Wesley Aston appointed as UFU CEO Designate

Picture: Cliff Donaldson

Picture: Cliff Donaldson

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The Ulster Farmers’ Union has announced the appointment of Wesley Aston as the Chief Executive Designate of the organisation.

Commenting on the announcement, UFU President Ian Marshall said: “The UFU undertook a very thorough recruitment process over the past few months and were encouraged with the response received. The outcome of this is that we are pleased to be able to announce this appointment and act quickly following Clarke Black’s decision in October to retire after 13 years of dedicated service to the UFU and we will have several months before he retires at the end of April to facilitate the hand over to Mr Aston.

“Wesley has been with the organisation for over 20 years and brings with him a very extensive knowledge and understanding of both Northern Ireland Agriculture and the UFU as an organisation. We would like to congratulate Wesley on the recent appointment and we look forward to working with him as he takes up the reins of CEO in due course.”

Wesley Aston grew up and still lives on a small livestock farm in Markethill, Co Armagh and he graduated from Edinburgh University with a Degree in Agriculture in 1989.

He started his career with the UFU in 1991, firstly as Policy Officer for Pigs, Poultry and Fish Farming before moving across to cover Dairying and heading up the Union’s Policy Team in 1995 and more recently the Union’s Communications Team.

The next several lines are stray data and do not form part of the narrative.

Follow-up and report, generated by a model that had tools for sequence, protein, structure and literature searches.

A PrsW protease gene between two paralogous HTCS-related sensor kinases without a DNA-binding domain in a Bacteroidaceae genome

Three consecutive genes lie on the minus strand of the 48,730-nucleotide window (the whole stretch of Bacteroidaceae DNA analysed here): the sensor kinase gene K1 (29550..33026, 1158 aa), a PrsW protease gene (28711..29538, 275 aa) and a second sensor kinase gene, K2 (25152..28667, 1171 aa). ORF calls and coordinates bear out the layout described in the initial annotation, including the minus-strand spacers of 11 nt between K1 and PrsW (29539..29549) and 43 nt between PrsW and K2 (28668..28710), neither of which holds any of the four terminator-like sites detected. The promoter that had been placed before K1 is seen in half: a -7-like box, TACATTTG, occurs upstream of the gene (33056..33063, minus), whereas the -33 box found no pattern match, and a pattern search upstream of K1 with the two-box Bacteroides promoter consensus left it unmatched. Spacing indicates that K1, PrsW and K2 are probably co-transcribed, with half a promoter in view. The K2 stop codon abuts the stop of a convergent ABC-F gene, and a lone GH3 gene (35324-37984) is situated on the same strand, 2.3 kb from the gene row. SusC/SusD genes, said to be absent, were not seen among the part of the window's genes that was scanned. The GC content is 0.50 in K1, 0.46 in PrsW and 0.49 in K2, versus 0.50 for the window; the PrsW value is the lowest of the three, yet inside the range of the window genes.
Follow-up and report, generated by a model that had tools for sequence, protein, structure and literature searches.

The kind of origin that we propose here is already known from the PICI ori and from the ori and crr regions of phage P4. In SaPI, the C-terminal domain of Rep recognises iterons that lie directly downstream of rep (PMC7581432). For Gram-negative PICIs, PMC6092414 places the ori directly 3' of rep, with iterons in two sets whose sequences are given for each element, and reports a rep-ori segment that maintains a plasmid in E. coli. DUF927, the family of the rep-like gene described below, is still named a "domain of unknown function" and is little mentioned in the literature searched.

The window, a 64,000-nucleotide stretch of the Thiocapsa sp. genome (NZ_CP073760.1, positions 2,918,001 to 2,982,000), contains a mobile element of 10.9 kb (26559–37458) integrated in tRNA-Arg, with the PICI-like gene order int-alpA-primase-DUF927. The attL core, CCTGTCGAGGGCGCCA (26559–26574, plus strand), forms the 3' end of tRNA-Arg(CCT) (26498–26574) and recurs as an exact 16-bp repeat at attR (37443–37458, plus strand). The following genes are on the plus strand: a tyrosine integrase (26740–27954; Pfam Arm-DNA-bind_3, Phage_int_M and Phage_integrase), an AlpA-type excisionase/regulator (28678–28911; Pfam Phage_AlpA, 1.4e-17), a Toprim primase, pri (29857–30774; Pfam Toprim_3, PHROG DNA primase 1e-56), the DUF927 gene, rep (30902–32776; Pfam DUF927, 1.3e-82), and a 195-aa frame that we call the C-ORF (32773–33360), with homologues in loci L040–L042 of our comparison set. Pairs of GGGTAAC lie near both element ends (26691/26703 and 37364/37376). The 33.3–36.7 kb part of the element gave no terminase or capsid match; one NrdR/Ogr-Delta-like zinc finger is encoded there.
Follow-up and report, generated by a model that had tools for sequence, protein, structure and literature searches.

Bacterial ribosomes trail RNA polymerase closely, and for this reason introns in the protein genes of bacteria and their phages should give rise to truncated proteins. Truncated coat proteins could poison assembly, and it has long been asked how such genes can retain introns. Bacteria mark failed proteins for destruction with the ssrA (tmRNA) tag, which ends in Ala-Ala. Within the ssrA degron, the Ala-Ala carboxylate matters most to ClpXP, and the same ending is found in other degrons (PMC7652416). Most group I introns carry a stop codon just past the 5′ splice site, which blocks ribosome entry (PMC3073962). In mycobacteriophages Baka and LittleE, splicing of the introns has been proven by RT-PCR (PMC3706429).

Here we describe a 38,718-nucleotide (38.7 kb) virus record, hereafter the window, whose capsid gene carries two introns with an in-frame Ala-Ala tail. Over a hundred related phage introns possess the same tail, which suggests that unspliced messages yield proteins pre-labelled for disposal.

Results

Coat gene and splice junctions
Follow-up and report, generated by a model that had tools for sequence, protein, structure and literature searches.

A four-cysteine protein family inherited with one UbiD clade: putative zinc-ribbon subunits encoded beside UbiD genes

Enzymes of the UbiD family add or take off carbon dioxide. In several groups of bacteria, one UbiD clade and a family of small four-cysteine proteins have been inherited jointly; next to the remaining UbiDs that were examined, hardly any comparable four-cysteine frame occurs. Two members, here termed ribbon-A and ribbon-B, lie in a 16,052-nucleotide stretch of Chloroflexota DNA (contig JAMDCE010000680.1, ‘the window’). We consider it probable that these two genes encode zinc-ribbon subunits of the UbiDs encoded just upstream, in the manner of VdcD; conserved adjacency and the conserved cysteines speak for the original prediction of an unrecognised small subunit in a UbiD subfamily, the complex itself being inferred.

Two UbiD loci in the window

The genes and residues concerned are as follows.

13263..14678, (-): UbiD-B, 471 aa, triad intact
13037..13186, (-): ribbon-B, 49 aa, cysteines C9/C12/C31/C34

During his time with the UFU he has represented the Union at local, UK and EU levels and has been centrally involved in the UFU’s activity on virtually all of the major issues affecting Northern Ireland’s farmers over the past 20 years including: several CAP reforms; BSE, Foot and Mouth Disease, and Dioxin crises; £3 million Snow Hardship and £1.3 million Fodder Transport Schemes; a major ongoing Farm Safety Initiative; deregulation of the NI Milk Marketing Board; establishment of AgriSearch and Animal Health and Welfare NI; EU Nitrates Directive implementation; several farm capital investment and agri-environment schemes; secured £6 million of agri-monetary compensation for LFA farmers; major review of agri food related bureaucracy; introduction of sheep electronic identification; development of NI Executive’s Rural White Paper; introduction of £3 million Young Farmers’ Scheme; National Park opposition; Fermanagh flooding; Open Farm Weekend; retailer protests and creation of UK’s Groceries Code Adjudicator; ‘Horsemeat Scandal’; NI Agri-food Strategy Board input; introduction of Bovine TB Badger TVR trials; and introduction of a mobile ‘farmer health check’ service.